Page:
Sunday, 18 March 2012

A Great Day to be Welsh (in sporting terms)

Champions Wales 2012
Yesterday, being St Patrick's Day was a great day to celebrate being Irish. Or if Nottingham was anything to go by, an opportunity for hundreds of people with no Irish connection at all to don silly Guinness shaped hats; pretend to have an Irish accent, and get drunk.

I missed the St Patrick's Day parade; actually I avoided it. I haven't been to a parade since Belfast in the early 1970's, which put me off them totally, though I have no desire to prevent others from experiencing this strange form of enjoyment.

I do like my sport though, and with apologies to the Irish, and English, and Scottish, and Italian, and French, yesterday was a great day to be Welsh. Wales won the Six Nations Rugby championship by beating the five other nations over the last few weeks. At the Millennium Stadium in Cardiff, they beat France 16 - 9, and so achieved the Grand Slam. This is the 3rd time in 8 years, and the 2nd time in the last 5 years that they have achieved this, which had Jonathan Davies talking about them in terms of the great sides of the 1970's. I'm not so sure that they're at that level yet, but they're still quite a young side, so who knows. They have however matched the achievement of 34 years ago by winning three Grand Slams in eight years. I remember Welsh Rugby in the 1970's, and the video below gives a glimpse of the magic of those days.

This was the golden era of 1969 - 1979 when Wales won four consecutive Triple Crowns, with players whose names still trip off the tongue: Gareth Edwards, Barry John, Phil Bennett, J.P.R. Williams, J.J. Williams, John Taylor, Mervyn Davies, (known as Merv the Swerve, and who sadly died just 3 days ago), Gerald Davies, and the Pontypool front row of Graham Price, Bobby Windsor and Charlie Faulkner.

Some people (mostly from outside of Wales it has to be said) are begrudgingly giving praise to Wales, but saying that the real test of how good they are is when they play teams from the Southern Hemisphere, such as Australia and New Zealand. Oh come off it. People don't say that when England win. Let's just acknowledge that as far as the Six Nations is concerned, Wales are the best team in the Northern Hemisphere, and that as far as Rugby is concerned, it's a great time to be Welsh.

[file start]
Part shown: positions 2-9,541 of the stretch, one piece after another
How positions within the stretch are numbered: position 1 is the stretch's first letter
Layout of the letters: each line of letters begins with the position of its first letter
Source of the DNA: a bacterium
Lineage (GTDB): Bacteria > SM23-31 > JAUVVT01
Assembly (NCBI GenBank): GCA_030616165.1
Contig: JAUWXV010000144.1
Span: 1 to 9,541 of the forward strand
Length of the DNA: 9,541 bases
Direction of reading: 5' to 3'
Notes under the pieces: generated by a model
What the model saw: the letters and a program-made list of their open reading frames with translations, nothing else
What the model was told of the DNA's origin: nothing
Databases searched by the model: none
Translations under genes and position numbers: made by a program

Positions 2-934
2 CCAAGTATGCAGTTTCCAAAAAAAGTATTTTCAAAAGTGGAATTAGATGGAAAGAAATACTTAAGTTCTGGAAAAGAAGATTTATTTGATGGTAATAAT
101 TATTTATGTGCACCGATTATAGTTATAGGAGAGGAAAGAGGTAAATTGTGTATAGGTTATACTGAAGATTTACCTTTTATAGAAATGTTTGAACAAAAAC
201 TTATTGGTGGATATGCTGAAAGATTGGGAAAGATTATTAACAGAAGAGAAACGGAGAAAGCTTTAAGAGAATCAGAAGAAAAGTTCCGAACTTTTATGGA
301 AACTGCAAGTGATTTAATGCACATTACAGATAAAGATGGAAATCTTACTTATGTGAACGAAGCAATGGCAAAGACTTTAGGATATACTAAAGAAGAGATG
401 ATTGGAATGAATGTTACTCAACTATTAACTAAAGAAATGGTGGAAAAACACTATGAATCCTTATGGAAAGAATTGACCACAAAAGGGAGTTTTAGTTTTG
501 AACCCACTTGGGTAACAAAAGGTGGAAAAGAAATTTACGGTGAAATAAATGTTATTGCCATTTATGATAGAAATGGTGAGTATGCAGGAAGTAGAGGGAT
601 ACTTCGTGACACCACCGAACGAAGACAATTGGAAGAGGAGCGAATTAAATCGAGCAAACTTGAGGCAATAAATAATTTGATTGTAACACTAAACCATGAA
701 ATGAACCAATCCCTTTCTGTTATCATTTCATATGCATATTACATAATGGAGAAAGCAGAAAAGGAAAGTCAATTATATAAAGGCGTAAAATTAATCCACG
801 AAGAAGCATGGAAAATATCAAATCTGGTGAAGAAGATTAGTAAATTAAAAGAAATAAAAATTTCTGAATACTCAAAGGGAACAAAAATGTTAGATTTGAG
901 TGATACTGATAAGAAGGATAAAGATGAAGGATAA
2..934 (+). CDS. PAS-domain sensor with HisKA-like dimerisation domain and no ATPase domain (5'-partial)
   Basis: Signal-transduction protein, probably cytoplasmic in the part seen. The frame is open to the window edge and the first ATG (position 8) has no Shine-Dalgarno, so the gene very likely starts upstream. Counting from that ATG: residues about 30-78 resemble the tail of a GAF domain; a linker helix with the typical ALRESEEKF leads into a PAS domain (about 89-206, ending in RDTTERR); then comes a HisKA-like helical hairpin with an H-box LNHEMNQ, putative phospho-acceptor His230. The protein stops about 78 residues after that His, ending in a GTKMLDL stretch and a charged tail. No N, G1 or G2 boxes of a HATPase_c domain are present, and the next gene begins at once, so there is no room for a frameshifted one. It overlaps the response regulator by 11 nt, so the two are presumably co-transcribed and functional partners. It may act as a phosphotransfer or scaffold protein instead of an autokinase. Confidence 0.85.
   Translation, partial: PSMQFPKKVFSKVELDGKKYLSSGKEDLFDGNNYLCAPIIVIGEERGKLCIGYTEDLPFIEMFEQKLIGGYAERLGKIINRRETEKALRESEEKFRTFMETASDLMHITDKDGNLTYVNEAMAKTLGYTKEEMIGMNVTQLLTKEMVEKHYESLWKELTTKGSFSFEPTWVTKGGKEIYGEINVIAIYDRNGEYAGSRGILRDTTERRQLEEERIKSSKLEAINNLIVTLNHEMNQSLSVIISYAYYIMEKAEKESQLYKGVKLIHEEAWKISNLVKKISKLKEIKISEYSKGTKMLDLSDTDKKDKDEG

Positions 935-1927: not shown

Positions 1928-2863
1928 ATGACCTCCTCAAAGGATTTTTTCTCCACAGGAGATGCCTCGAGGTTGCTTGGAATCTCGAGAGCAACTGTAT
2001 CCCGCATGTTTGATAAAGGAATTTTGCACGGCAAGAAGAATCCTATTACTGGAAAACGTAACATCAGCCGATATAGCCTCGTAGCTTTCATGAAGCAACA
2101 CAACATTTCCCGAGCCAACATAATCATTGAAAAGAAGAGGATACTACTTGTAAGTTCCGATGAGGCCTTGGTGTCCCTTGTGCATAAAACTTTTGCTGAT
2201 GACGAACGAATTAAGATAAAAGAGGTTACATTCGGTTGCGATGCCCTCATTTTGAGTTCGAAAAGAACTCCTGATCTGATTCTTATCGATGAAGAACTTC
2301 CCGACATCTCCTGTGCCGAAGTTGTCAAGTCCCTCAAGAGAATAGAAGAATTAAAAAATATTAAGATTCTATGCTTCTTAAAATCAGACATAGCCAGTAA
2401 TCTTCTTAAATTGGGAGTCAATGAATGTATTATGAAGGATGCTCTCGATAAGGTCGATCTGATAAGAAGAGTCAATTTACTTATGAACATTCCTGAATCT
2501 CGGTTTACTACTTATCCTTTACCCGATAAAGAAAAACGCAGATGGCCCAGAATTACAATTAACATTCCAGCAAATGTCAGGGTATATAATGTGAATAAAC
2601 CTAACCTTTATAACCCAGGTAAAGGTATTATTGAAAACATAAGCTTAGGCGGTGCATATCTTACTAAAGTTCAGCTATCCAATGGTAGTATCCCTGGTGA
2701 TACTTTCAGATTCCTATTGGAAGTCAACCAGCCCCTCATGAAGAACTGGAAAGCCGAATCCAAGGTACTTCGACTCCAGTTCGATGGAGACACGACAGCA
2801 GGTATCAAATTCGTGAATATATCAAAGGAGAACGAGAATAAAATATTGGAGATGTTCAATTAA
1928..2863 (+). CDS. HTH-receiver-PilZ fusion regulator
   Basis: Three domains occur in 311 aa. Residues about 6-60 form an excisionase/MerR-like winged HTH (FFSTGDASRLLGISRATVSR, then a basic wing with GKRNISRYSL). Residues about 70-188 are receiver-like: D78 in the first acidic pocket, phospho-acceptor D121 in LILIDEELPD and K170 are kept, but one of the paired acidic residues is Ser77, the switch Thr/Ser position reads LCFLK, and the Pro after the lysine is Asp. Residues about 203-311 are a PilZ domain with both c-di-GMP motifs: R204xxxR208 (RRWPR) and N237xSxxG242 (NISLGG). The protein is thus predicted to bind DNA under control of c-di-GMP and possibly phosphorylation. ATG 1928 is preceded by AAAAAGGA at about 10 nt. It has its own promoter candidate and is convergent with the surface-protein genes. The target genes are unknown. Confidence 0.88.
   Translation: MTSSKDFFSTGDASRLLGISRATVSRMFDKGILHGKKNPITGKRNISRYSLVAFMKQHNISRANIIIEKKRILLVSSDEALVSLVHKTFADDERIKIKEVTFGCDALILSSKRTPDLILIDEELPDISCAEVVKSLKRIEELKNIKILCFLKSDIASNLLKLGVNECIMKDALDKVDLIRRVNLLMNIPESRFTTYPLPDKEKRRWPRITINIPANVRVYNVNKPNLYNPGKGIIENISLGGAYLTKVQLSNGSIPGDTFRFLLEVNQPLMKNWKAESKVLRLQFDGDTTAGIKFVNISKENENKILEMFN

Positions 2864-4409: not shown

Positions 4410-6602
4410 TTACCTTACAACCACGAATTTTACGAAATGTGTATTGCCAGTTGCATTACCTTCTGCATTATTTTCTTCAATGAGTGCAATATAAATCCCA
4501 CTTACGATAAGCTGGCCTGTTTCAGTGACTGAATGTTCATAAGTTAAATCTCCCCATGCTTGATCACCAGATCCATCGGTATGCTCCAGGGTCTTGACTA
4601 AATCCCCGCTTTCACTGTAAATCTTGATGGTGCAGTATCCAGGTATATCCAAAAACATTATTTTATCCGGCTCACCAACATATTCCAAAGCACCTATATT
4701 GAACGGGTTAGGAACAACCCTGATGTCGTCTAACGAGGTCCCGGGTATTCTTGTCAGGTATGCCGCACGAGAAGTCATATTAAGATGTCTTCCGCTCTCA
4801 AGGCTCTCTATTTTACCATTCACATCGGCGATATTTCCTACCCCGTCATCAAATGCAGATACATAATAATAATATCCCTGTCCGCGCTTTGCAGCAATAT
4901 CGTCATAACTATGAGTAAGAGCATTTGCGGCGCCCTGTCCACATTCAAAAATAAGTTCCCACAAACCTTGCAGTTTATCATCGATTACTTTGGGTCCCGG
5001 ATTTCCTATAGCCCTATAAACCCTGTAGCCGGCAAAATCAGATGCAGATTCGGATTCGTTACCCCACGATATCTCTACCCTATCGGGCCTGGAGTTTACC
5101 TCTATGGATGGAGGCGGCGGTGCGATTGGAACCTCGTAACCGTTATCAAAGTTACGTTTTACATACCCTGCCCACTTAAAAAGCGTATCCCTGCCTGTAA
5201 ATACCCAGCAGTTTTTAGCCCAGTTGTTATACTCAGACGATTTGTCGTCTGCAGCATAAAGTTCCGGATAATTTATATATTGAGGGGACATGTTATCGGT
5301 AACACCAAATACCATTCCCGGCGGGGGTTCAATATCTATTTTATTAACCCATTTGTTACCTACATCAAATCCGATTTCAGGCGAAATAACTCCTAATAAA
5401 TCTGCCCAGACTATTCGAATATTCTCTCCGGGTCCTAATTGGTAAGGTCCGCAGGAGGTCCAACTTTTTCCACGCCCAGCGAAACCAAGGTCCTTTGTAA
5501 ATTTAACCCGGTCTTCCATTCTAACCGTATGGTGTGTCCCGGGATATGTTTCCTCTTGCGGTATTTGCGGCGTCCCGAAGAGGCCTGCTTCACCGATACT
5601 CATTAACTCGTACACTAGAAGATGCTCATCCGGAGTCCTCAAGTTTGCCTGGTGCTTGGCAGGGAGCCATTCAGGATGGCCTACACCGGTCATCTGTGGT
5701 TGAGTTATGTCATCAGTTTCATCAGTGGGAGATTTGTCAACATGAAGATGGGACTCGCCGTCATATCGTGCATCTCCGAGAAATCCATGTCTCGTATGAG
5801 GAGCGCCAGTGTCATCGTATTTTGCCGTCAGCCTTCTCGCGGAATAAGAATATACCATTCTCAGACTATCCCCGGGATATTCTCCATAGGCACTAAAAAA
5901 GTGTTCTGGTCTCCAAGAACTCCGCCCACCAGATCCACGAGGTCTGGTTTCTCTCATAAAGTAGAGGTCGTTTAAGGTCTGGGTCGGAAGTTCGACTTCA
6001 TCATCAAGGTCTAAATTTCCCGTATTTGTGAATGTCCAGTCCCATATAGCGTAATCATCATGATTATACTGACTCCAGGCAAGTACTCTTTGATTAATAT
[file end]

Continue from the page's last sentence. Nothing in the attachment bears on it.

But it's not just rugby. Yesterday, for the first time this season I watched Match of the Day. There were only two Premiership matches played, so there were some decent highlights shown.

First on was Fulham verses Swansea from Craven Cottage, with the result, Fulham 0, Swansea 3. This lifted Swansea to 8th position in the league, which is a remarkable achievement for a team who have just come up from the Championship.

But it wasn't just the score that impressed me, as good as that was against a very decent Fulham side. It was the manner in which Swansea played the game. I've read a lot of the plaudits that they have received for their style of football, and I was looking forward to seeing this for myself.

In the analysis of the game afterwards, they showed a marvellous clip which they had speeded up. It was a sequence of 30 - 40 passes lasting nearly 1:40 seconds, and it was a great example of possession football. And all of it was played on the grass, which reminded me of the great quote from Brian Clough, "If God meant us to play in the clouds he would have put grass there". Gary Linecar felt that Swansea were almost "Barcelonaesque" in the way that they played football. This is the kind of hyperbole that I would have been proud of. There are no "stars" in the team, just players who are comfortable on the ball, and know how to use it well. They are a credit to football, and another reason why yesterday was a great day to be Welsh.

But enough of this Welsh love-in. Yesterday also showed that football and rugby are just games, and other things in life are much more important. This was brought home by the collapse of Fabrice Muamba from a suspected heart attack while playing in the FA Cup for Bolton Wanderers against Tottenham Hotspur. Muamba is a former England under 21's player, and is young, fit and wealthy, but this didn't stop his heart from giving out, and at the time of writing this on Sunday evening, he remains in a critical condition. There really are no guarantees in life are there. I do hope that he pulls through OK.

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